There are many moments in our business where we presuppose things. Oftentimes, what we thought is not exactly what’s happening. This is what assumption is. We go off thinking a solution that might not even be for the problem at hand. Presupposing certain assumptions could ruin your business. Avoid the cost of assumptions and learn some steps that will help you ask and solve the right questions.
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The Cost Of Assumptions
I’m going to drop a couple nuggets that not only will grow business, but they’ll help grow businesses forever. The title is The Cost of Assumptions. I was sitting at my desk in Minooka, Illinois, southwest of Chicago. I was working from 5:30 in the morning to noon and all of a sudden I began reading a couple of texts and talking to a couple of our department heads. It was right around 11:50 AM and I said, “I need to go to Pennsylvania. I need to get to the office right now.” I called Kerri and said, “Can you come on downstairs?” I talked to her a little bit about something and she’s like, “Get on a plane.”
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I’m at least an hour from O’Hare Airport. At noon we found a 1:50 PM flight, which would give me an hour’s drive, assuming I could pack a bag real fast. An hour’s drive would give me 40 minutes roughly to park the car, check in, get to the thing, and board a plane. At 1:50 PM that day, I was airborne and I landed in Harrisburg, Pennsylvania. From 5:00 PM Eastern to 9:00 PM Eastern, over a four-hour period, I was sitting around a campfire with a couple of our department heads. I was shown how six to nine to twelve months’ worth of assumptions that I had about how a couple of our divisions were running, how we were producing things and evaluating things, and what we were doing. All of these ideas I had in my head, I was shown not only was I wrong, I was off by 180 degrees. I wasn’t even close.
There was a statement where about a third of the way into this conversation, I said, “I’m assuming if we go out and acquire these assets by this type of company right here and hire a dozen people specifically for this division, we are smooth sailing from here on out.” Both of these guys, at the exact same time, in a fairly loud voice leaned forward and said, “No.” I sat back and said, “We need to start all over again because I am drastically missing something.” They both said at the same time, “Yes, you are.”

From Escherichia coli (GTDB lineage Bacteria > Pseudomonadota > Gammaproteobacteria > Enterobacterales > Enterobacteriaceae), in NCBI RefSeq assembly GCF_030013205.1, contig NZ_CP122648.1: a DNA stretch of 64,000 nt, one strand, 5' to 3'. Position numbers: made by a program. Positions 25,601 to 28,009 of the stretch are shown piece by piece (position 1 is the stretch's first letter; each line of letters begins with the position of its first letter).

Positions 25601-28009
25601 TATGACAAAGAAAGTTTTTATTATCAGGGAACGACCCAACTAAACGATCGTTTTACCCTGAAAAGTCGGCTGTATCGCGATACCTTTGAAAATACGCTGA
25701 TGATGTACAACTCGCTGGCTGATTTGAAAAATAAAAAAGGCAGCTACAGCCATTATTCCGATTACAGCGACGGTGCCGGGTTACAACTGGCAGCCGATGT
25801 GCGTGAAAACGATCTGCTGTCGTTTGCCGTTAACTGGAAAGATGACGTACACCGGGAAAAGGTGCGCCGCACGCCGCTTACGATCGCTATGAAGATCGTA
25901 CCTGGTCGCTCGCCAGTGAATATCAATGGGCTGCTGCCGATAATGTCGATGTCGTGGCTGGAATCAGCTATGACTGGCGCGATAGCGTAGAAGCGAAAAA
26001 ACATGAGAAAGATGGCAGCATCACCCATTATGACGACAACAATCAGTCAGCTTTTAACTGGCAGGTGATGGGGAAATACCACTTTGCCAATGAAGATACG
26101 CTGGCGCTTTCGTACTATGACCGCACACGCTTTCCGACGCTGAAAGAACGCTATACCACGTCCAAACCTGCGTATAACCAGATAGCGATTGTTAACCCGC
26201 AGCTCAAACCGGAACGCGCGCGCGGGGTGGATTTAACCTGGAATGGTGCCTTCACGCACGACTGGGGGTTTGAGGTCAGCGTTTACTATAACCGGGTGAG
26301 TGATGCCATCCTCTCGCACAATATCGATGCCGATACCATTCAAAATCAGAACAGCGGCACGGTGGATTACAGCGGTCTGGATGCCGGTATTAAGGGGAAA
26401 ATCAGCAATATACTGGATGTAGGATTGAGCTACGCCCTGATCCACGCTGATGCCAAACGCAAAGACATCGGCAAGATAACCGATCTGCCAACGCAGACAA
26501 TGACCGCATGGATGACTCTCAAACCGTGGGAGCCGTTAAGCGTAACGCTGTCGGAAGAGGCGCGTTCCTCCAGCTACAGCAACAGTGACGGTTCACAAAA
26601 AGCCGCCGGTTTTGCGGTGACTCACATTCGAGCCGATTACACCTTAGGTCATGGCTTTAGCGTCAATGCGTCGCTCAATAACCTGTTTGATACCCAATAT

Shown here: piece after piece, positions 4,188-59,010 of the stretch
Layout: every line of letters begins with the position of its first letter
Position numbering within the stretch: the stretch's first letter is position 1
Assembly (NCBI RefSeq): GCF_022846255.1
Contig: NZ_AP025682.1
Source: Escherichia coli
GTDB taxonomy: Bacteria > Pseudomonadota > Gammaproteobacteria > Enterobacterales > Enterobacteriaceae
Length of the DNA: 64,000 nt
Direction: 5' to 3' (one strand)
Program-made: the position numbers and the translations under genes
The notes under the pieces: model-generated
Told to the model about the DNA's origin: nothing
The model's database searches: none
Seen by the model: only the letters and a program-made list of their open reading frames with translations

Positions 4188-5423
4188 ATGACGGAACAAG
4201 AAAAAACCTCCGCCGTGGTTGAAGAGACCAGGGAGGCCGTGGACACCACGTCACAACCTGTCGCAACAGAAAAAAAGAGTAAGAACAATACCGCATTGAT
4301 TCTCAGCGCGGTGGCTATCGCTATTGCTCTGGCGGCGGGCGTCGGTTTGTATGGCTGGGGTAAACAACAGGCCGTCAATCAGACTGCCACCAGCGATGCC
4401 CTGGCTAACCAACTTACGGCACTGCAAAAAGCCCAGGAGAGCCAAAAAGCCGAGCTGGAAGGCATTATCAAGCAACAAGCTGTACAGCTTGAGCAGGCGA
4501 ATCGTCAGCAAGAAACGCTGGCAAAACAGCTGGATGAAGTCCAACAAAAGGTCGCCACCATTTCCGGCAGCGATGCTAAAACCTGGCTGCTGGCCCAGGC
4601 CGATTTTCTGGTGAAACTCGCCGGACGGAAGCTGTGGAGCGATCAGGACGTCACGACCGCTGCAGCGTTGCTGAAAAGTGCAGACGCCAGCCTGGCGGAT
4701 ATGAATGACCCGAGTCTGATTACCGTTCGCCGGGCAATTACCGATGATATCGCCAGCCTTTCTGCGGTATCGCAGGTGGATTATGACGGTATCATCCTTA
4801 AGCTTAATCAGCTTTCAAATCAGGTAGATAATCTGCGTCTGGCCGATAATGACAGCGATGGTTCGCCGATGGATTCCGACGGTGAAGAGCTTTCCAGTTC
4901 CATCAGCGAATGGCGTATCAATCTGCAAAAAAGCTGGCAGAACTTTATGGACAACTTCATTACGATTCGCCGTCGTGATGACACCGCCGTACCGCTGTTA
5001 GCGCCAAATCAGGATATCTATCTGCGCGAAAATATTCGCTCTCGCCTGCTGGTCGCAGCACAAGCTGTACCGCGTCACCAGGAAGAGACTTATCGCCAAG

The point of this episode is that there is a severe cost that our company had paid because I had presupposed certain assumptions about how certain things were run. I spent the night at the Marriott in Lancaster, Pennsylvania and I woke up the next morning so refreshed and alive because I knew right now the challenge was I was not asking the right questions often enough. Some of the questions that I vowed to ask these folks, and I will never miss this on a monthly basis, are the following. Number one, are there any obstacles I can currently remove for you? These are department heads, so for their division, are there any obstacles you’re faced with? Do you need an employee? Do you need us to acquire a digital asset? Do you need us to buy a smaller company to help? What do you need? Are there any obstacles in your way that I could remove for you?
There is a cost that you have to pay for assuming. Click To Tweet
Number two, are there any questions I’m not asking that I should be asking? That is a very important question and it’s got to be stated on a monthly basis. If you’re the head of a division, you need to go to your people and say, “Are there any questions I should be asking?” I promise you, if you run a decent-sized division, it is going to be a unanimous, “Yes. You might want to ask us how this is going or how this person’s doing or how this client is behaving.” If you don’t give the open floor for them to talk and speak on that type of plane, they’re just going to hold things in because you’re not asking. They’re going to think that they need to go and keep doing what they’re doing because you’re not asking the right question.
Number one, what obstacles can I eliminate? Number two, what questions should I be asking? If you ask those two questions, I believe you will at least reduce drastically, if not even eliminate, the cost you’ll have to pay as a leader for assuming things you should never assume. Switch your assumptions to questions. I hope this helps. Take care.